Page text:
Governor's directive limits SUNY contact with Indians
ONEIDA NATION HOMELANDS, N.Y. ? Gov. George Pataki's office has ordered state colleges to limit their contact with Indian Nations.
The directive was detailed in a memorandum, dated Nov. 30, 2001, through State University of New York Counsel D. Andrew Edwards to presidents of State-operated campuses and community colleges. It instructs SUNY presidents to "direct your personnel to report all contacts with Indian tribes or nations (or anyone purporting to represent, speak on behalf of, or in any way be affiliated with an Indian tribe or nation), to contact me immediately upon such occurrence."
The memorandum further instructs the SUNY presidents to await further instructions from his office before engaging in any further contact, including correspondence, return phone calls, meetings and information sharing of any kind. The memorandum also requested that written descriptions of the contacts be sent to the SUNY counsel's office by "the most expeditious means."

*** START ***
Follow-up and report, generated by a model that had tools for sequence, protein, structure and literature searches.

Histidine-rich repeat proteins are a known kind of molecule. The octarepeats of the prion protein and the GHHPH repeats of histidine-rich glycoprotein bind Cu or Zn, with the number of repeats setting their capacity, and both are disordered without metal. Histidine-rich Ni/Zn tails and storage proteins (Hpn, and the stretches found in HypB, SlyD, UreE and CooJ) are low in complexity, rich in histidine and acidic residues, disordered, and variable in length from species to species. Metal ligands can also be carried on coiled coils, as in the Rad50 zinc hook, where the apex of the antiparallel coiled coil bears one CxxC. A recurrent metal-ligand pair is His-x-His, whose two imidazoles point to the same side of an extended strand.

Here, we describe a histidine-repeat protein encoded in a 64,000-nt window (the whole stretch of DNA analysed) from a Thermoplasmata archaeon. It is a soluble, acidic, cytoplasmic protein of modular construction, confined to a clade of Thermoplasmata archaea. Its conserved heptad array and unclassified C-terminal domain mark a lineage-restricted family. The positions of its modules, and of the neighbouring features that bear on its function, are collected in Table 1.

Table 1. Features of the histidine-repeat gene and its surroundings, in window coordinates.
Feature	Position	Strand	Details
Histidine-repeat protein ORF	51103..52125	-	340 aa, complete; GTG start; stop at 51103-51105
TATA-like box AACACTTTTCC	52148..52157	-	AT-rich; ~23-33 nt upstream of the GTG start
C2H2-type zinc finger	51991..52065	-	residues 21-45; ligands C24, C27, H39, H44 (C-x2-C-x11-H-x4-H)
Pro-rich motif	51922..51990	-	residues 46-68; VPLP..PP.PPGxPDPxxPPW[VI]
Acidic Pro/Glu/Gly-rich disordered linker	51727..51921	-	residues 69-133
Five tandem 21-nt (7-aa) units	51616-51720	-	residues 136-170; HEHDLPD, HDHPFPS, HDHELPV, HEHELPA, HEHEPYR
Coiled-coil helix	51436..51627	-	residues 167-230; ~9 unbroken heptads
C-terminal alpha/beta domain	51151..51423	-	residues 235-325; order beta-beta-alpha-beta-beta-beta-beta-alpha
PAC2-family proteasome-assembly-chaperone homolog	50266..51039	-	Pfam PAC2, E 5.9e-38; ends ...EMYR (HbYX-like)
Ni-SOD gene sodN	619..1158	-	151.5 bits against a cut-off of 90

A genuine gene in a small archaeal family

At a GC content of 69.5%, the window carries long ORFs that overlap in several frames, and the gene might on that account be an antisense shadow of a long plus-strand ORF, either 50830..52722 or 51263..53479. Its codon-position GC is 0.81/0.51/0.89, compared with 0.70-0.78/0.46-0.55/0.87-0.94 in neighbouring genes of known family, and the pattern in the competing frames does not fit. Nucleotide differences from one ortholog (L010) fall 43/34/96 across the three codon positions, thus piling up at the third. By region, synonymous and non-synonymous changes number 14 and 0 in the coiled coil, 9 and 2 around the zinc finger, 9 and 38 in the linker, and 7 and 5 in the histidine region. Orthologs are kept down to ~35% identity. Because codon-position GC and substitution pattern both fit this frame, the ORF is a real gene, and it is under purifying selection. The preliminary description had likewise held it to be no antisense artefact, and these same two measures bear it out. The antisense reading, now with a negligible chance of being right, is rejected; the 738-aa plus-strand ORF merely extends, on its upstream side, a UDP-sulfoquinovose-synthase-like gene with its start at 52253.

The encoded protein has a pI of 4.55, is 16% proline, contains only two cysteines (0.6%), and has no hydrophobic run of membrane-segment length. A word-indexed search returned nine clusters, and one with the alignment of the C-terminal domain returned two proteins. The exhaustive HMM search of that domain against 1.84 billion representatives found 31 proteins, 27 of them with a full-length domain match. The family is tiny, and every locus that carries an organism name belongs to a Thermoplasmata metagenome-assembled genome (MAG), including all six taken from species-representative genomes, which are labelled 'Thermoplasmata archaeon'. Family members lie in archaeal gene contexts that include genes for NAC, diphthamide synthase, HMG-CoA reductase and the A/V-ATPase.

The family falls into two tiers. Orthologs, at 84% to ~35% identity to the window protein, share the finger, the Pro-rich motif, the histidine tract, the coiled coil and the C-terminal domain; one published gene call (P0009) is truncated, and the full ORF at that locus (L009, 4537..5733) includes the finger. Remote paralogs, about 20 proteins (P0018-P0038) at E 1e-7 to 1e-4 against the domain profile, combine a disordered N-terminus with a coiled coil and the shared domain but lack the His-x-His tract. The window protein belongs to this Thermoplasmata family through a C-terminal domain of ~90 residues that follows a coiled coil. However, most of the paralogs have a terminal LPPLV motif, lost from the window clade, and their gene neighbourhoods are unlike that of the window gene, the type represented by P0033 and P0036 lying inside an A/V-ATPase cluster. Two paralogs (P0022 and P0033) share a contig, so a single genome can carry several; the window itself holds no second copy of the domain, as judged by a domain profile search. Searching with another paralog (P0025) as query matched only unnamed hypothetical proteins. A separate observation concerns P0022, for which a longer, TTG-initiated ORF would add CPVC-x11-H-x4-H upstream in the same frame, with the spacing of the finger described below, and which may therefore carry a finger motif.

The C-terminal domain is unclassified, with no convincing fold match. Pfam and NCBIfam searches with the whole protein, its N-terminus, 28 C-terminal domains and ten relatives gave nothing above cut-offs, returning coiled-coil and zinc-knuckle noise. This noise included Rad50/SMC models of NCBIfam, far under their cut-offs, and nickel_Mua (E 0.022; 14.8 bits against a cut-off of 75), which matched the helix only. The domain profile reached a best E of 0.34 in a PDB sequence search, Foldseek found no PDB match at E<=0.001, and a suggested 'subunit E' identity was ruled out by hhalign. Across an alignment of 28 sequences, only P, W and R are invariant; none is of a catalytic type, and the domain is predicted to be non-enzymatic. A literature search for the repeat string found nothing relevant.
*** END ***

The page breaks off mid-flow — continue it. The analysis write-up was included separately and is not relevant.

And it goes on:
A comment in the directive says that it is State policy to engage in government-to-government contact with federally recognized tribes, but contact with dissident factions or non-recognized entities causes tension and complications.
The motivation behind the governor's directive is unclear, but the memo does limit contacts between the SUNY system and Indians by placing the authorization for legitimate contact in the hands of the SUNY counsel.
Neither Edwards nor the governor's office have responded to requests from ICT to comment on the directive.
The directive surprised Horace Judson, President of SUNY Plattsburgh.
"I don't know what that means," said Judson of the memorandum. "It must be in response to some issue." Judson said he did not know what issue had prompted the order.
"I don't see what this (the memorandum) has to do with my academic mission," added Judson. "I can't imagine that it has the authority to do anything to the Plattsburgh academic mission."
Judson pointed to his institution's serious engagement with the Akwesasne community and its attempts to increase ethnic diversity on campus by encouraging Native American students to apply there.
Tony Chase, a document assistant to the SUNY Buffalo's president, Muriel Howard, said he was unaware of any memorandum ever being sent there.
"How could we not have contact?" said Chase. "We have Seneca Nation newspapers here. We have to have contact. How could they say this?"
SUNY-Buffalo is also the home of The Center of the Americas, a program that focuses on studying indigenous cultures.
Several campus spokespersons, including SUNY Press Officer Dave Henahan, promised to look into the matter and share any findings with ICT.
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